Many of us are having to rapidly re-adjust our personal and professional lifestyles to a world that quite suddenly feels very different. And such change makes no exception for public media organisations.

The UK government yesterday published a list of key workers who are critical to the Covid-19 response. This includes “journalists and broadcasters who are providing public service broadcasting.”

However, covering the Coronavirus pandemic poses significant challenges for journalists and media organisations alike, from remote working and a drastic rise in sick leave to forced quarantine.

But public media organisations are swiftly responding to these challenges by preparing for and implementing contingency plans to ensure that they continue to fulfil their crisis and emergency mandates by providing the public with accurate and – potentially – life-saving information.

Studio audiences

For the foreseeable future, many public broadcasters will be missing a key element of their live broadcasts: the public. Live studio audiences are becoming non-existent as social distancing measures are taken ever more seriously.

South Korea’s public broadcasters were one of the earliest to report taking such precautionary measures. Since January, they have been removing live studio audiences from their weekly K-pop programmes and instead recording performances to be watched at home.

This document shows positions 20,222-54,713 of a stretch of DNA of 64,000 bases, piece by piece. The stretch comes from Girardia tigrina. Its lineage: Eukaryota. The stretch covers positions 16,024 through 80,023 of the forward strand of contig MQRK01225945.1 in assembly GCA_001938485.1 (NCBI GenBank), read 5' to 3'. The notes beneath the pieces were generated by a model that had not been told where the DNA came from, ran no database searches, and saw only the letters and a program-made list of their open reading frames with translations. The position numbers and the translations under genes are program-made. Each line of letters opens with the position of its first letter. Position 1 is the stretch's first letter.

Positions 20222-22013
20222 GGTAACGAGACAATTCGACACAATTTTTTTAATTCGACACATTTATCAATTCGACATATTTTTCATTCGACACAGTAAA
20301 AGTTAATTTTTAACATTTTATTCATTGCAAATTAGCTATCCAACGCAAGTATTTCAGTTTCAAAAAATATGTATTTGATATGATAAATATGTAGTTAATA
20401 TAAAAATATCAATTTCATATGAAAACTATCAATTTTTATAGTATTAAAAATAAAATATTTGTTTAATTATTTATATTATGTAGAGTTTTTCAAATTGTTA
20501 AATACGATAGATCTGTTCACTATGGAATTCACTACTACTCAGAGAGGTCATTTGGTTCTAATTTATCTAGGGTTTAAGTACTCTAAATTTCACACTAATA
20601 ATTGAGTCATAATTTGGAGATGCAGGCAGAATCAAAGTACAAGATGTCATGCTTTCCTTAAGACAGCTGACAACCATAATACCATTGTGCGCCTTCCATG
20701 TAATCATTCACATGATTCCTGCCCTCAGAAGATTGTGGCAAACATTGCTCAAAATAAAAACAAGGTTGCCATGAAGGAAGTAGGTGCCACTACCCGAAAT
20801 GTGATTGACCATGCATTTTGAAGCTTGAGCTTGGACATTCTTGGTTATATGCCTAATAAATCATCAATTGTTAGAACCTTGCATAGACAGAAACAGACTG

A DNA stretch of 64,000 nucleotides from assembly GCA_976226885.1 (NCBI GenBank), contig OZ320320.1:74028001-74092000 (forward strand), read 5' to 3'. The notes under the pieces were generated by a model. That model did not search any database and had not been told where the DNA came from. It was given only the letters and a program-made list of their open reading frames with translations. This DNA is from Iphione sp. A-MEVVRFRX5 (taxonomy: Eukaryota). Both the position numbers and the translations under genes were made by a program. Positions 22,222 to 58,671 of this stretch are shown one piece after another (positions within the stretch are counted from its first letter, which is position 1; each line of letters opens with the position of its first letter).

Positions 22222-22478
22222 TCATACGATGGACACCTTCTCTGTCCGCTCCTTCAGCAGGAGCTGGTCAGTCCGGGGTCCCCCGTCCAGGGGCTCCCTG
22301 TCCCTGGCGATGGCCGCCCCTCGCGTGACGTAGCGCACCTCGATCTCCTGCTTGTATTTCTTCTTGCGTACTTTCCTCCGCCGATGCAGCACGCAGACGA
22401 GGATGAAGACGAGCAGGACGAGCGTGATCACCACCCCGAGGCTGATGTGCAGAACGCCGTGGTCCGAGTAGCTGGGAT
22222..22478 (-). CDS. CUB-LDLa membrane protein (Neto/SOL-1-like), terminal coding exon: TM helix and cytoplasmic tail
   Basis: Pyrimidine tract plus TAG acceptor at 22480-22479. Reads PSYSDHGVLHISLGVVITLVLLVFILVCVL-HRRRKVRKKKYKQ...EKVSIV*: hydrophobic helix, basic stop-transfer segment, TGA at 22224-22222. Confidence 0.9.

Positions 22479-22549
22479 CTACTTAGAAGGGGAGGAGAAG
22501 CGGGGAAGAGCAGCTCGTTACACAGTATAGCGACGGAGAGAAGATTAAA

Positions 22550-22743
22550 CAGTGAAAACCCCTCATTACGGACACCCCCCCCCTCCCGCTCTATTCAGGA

Australia’s public broadcaster, ABC, is postponing live concerts altogether to prioritise ‘Playschool’ and ‘Giggle & Hoot’ to provide children with essential educational content.

Listen to the CEO of GBC Gibraltar, Gerard Teuma, explain changes to GBC’s programme:


BBC’s ‘Question Time’, a live current affairs programme in which audiences ask MPs challenging questions, has also followed suit. Producers have responded to this challenge by featuring remote guests via video links and allowing calls from the audience at home.

Read more: Coronavirus: How radio and TV hosts are keeping their shows on air from home

Such moves are part of the wider contingency plans put in place, as outlined by the BBC’s Director-General, Tony Hall. Other changes include temporarily reducing or stopping the filming of some programmes  while they prioritise news coverage of Covid-19 developments.